During the 1980s, he appeared in various films while in 1989 he directed J’écris Dans l’Espace, co-written with Carrière and filmed in Omnimax, an early form of 3D. It was with this last film that Étaix’s film career came to a halt, leaving his desire to make two cherished mid-length films, co-written with Carrière, unfulfilled.

However he did publish several books of writings and drawings. He accepted a role in Otar Iosseliani’s film Jardins en automne (2006) and in the same filmmaker’s next film Chantrapas.

Jean-Pierre Jeunet paid tribute to him by asking him to play the inventor of funny stories in Micmacs (2009). At the end of January 2010, he returned to the stage in Bordeaux with his new music-hall show Miousik Papillon, in which, combining music and slapstick, he reappeared, after a 40 year absence, as Yoyo.

Six years ago many of his key films reappeared in restored versions in cinemas and on DVD. For those unaware of his existence, these screen gems of the 1960s provided a happy discovery; for those who knew him, a cause for celebration. Restored under the joint supervision of two cultural heritage bodies (Groupama Gan Foundation and Technicolor Foundation for Cinema Heritage), the revived interest in his work gave Étaix a whole new lease on life.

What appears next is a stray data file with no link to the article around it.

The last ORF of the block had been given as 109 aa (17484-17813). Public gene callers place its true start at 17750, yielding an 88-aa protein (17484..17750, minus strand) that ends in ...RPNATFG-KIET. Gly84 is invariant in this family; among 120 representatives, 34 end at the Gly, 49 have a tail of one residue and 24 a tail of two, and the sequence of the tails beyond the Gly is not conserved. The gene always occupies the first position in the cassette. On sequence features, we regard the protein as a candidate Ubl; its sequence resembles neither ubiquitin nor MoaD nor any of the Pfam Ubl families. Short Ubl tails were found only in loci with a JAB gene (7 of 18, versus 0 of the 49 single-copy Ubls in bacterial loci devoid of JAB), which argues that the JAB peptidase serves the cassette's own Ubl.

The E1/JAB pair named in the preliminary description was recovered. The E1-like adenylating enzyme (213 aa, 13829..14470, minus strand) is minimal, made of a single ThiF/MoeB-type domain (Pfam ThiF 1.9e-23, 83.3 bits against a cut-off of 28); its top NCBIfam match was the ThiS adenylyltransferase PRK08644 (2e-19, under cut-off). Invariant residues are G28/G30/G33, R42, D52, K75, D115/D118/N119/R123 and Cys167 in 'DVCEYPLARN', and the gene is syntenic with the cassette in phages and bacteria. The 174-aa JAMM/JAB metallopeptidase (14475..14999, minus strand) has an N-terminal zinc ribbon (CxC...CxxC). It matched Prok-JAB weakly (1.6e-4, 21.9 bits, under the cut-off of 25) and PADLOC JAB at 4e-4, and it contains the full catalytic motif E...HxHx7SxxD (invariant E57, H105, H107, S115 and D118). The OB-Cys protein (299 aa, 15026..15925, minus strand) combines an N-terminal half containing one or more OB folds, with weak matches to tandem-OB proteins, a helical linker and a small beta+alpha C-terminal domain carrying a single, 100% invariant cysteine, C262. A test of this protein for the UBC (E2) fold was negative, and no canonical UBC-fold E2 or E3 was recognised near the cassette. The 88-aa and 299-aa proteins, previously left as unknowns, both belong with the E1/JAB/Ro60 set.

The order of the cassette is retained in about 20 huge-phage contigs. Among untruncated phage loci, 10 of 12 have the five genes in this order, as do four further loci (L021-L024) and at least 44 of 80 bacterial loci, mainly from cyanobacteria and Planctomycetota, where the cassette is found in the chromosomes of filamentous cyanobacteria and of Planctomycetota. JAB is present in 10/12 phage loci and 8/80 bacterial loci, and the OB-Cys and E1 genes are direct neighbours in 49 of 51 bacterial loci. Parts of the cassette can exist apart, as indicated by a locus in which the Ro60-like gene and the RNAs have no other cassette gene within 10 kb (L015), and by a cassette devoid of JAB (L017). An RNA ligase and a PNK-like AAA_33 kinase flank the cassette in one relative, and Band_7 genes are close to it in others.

Richard Mowe is director of French Film Festival UK/Odile Étaix is Pierre Étaix’s widow.

Étaix at a glance

1928: Birth in Roanne.

1954: Met Jaques Tati.

1958-61: Pierre Étaix performs in different cabarets and music-halls. 1958: Illustrations for the book, Les Vacances de Monsieur Hulot, written by Carrière.

1961: Directed his first short, Rupture.

1963: Oscar for best short to Heureux Anniversaire.

1963-1970: Étaix directed five features: Le Soupirant, Yoyo, Tant Qu’on A La Santé, Le Grand Amour and Pays de Cocagne.

1971: Toured with the Cirque Pinder et Annie Fratellini.

1973: Founded the Ecole Nationale de Cirque with Annie Fratellini.

1985: Wrote his first play L’Age de Monsieur est avancé and acts in Nagisa Oshima’s film, Max mon Amour.

1989: Directed his first Omnimax fiction film, J’écris Dans l’Espace.

2001: Published several albums of texts and drawings.

2006: Acted in Otar Iosseliani’s Jardins en Automne.

2009: Published Textes et Textes-Étaix and acts in Jean-Pierre Jeunet’s Micmacs.

2010: Actor for Otar Iosseliani (Chantrapas) and Aki Kaurismäki (Le Havre).

2010: Tribute at French Film Festival UK